This is one of the newer Courtyard hotels in New York City (opened in 2010) and its vibe meshes perfectly with the cool and classy SoHo neighborhood. The rooms are on the smaller side, but travelers have said that they are "well laid out" and "not cramped." You'll find a SoHo-style café in the lobby and other convenient amenities. In addition to a first-rate SoHo location, you'll be near Greenwich Village, Little Italy, Chinatown, and Canal Street. The room rates are similar to the Courtyard in Midtown East.
The Waldorf-Astoria offers the elegance of a "grand hotel" experience with the contemporary convenience of amenities and services. The building is a landmark in itself, an Art Deco building with several restaurants on site. The staff is dedicated to providing guests with a "luxurious boutique" experience and the rooms are a good size. The hotel's proximity to 5th avenue makes it conveniently close to most of Manhattan's top attractions. Some find the Waldorf-Astoria a bit pricey, but if you look for discounts ahead of time, you'll surely get your money's worth.
A little out of the main tourist area (although Battery Park is where Ellis Island/Statue of Liberty Tours depart from), The Ritz-Carlton in southern Manhattan offers a spacious, quiet, and safe location. Rooms on the river-side of the Ritz also have fantastic views of The Statue of Liberty. Guests agree that this hotel is not as deluxe as the Ritz in Central Park, but the staff is just as helpful and the room rates are considerably cheaper.
If you want to stay in Midtown for the convenient location and still feel like you're on a getaway, the Affinia Dumont is a good fit. Spacious rooms and suites also make it a good option for families. This hotel prides itself for a focus on comfort, relaxation, and rejuvenation. They even have specially designed pillows with 6 comfort options. Although you might not find state-of-the-art flat screen TV's, you'll feel at home at the Affinia. Affordable room rates (and even better discounts) are another plus.
Attractions: NBC Studio Tour, Top of the Rock, Times Square, Madame Tussauds Wax Museum, City Sights Downtown Tour
Dining: Skylight Diner, John's Pizzeria, Katz's Delicatessen8:00 AM: Breakfast at Skylight Diner
Start your day bright and early with a big breakfast at Skylight Diner, located in the Hell's Kitchen area of NYC since 1966. Skylight is conveniently located near Penn Station (a quick train ride from Times Square), and the prices and portions are much more reasonable than anything you'll find in Times Square. Traditionally a Greek restaurant, this 24/7 diner has a little of everything.Walk to Penn Station; catch a train to Rockefeller Plaza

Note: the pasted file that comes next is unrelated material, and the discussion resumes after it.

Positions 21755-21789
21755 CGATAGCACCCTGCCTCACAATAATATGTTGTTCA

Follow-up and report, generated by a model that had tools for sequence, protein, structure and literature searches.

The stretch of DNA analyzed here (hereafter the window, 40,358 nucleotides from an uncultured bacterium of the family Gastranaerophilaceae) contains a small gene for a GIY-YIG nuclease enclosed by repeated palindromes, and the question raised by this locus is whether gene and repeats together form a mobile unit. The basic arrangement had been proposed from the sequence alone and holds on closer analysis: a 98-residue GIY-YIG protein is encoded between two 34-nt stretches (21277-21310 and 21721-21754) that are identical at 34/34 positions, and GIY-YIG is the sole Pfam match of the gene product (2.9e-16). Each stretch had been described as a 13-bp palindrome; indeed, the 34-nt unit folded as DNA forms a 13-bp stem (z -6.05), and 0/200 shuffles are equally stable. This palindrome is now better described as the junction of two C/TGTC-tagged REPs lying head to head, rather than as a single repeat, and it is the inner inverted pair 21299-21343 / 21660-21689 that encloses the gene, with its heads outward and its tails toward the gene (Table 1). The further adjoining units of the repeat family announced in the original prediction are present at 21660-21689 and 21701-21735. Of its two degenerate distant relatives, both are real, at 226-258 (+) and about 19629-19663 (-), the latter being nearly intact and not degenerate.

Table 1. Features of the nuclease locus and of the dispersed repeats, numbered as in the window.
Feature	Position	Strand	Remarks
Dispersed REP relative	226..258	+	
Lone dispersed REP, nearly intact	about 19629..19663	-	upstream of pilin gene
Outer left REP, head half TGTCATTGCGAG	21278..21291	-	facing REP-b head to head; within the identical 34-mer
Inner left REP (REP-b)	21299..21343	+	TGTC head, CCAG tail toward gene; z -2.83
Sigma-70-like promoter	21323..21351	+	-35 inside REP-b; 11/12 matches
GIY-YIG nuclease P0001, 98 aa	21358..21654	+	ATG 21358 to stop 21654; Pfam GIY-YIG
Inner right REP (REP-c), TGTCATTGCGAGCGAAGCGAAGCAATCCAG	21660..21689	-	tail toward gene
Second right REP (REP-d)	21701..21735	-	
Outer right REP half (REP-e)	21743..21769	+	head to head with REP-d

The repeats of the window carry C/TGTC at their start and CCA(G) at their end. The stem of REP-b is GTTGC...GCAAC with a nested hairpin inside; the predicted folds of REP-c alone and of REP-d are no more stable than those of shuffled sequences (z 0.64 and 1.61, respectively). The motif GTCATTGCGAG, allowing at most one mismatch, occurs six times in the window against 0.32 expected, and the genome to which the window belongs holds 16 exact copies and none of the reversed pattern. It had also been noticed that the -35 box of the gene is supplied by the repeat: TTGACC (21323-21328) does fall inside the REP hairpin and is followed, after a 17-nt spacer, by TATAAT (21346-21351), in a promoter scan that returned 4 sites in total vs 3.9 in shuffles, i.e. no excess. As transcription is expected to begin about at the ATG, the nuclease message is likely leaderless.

About a 20 minute ride. The E subway line towards Parsons-Archer is the most direct route.9:30 AM: NBC Studio Tour
Now that you're in Times Square, your first stop will be the NBC Studio tour at 30 Rockefeller Plaza (the infamous 30 Rock building). Inside NBC's New York operations, you'll find the filming studios for Saturday Night Live, Late Night with Jimmy Fallon, The Today Show, and more. This 70-minute tour will kick off your Times Square experience by putting you in the heart of the action.11:30 AM: On Top of the Rock
Now that you've seen what's inside of the building, check out the famous view from above at the Top of the Rock Observation Deck. The 6-level observation deck, located 800+ feet above the street gives you one of the most spectacular views of the Manhattan skyline; including a view of the Empire State Building!12:30 PM: Lunch at John's Pizzeria and Explore Times Square
Spend a few hours exploring Time Square and testing out some New York-style pizza at John's Pizzeria on West 44th Street, in between 7th and 8th Avenues. It's about a 10-15 minute walk from Rockefeller Plaza to Johnny's so it might be a good idea just to do some sight-seeing on your way over. Of course, you'll want to take a walk down Broadway, and make sure you check out the Times Square Visitor Center. If you're traveling with kids, visit the Times Square Toys 'R' Us store to see the 60-foot indoor Ferris wheel.3:00 PM: Madame Tussauds Wax Museum